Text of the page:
Yvette Russell is a Lecturer in Law at the University of Bristol.
On July 13, 2016 Nottinghamshire police became the first force in the UK to recognise misogyny as a hate crime. Hate crime is defined as ‘any criminal offence which is perceived, by the victim or any other person, to be motivated by hostility or prejudice based on a personal characteristic’. In practical terms, this means that in Nottinghamshire police can record reported incidents such as wolf whistling, verbal abuse, taking photographs without consent, and using mobile phones to send unwanted messages with an additional ‘flag’ or qualifier on their incident log as hate crime. It appears that the move is largely symbolic, as gender animus is not a relevant aggravating factor for the purposes of sentencing under relevant UK ‘hate crime’ legislation, and does not create any new criminal offences. However, the initiative has been supported by the force working in partnership with the Nottingham Women’s Centre and has involved the specialised training of officers to better identify and respond to the public harassment of women by men.
The announcement last week of the initiative was met with the predictable level of teeth gnashing and cries of ‘political correctness gone mad’ characteristic of any policy announcement addressed to countering gender inequality. While the move may be largely bureaucratic, it does present an opportunity to look again at the spectre of criminalisation in our time and consider a related question: What is the role of the criminal law in regulating gender (in)equality, and what should it be?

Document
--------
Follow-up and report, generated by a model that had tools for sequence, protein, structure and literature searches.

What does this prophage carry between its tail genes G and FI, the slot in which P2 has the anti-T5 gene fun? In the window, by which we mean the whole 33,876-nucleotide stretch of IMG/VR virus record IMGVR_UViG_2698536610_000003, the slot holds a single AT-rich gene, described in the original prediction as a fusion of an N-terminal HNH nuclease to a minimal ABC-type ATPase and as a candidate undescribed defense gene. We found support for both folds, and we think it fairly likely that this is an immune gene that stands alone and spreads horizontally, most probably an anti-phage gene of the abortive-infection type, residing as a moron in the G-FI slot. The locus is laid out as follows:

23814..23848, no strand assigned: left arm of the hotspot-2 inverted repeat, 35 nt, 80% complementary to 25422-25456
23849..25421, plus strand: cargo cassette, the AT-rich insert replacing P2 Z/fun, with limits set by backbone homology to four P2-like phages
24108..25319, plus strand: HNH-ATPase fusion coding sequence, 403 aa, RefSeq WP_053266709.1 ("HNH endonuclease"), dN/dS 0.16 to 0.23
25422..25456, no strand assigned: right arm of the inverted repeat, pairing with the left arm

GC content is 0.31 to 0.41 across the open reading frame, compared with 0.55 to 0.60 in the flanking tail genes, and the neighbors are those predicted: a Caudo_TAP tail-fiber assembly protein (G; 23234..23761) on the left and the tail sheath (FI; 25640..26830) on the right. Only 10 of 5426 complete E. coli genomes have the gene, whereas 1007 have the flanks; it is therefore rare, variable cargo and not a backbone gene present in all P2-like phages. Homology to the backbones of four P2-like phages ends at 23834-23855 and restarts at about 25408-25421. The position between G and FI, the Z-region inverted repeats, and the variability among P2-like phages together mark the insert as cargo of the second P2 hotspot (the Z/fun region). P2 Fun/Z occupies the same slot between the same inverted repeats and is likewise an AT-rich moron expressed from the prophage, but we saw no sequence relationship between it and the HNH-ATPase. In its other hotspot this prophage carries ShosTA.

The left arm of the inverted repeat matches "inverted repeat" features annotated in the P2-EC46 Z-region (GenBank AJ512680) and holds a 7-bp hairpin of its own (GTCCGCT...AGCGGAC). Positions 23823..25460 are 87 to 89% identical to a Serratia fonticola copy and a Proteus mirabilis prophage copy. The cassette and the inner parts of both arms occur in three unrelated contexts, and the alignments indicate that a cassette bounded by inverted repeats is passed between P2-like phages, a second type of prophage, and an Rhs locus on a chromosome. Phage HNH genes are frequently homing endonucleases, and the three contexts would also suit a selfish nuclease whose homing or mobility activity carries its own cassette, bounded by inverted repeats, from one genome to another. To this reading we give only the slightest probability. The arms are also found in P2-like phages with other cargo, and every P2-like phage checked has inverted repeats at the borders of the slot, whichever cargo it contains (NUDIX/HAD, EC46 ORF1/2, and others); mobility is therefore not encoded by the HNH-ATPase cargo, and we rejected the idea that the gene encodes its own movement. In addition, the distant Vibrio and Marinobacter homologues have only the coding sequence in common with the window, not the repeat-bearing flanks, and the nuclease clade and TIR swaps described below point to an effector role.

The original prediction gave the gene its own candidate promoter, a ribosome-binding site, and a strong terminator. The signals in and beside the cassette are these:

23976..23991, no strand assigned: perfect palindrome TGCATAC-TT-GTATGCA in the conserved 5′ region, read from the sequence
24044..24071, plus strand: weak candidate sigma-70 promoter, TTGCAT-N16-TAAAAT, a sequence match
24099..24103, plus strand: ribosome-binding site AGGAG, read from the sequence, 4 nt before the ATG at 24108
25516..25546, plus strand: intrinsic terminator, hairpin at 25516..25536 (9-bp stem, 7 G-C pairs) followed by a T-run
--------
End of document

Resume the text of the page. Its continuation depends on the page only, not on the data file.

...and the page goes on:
It is characteristic of mainstream liberal discussion to consider the creeping cloak of criminalisation in isolation from the broader socio-political and historical context in which it is conceived and implemented. Informed by the work of critical race theorists, in particular, there is a long tradition of scepticism in queer feminist scholarship of the use of criminal justice measures to ‘fix’ oppressive social structures. This is because the history of the use of these measures against our communities and others we are allied to in many cases give us reason to be sceptical.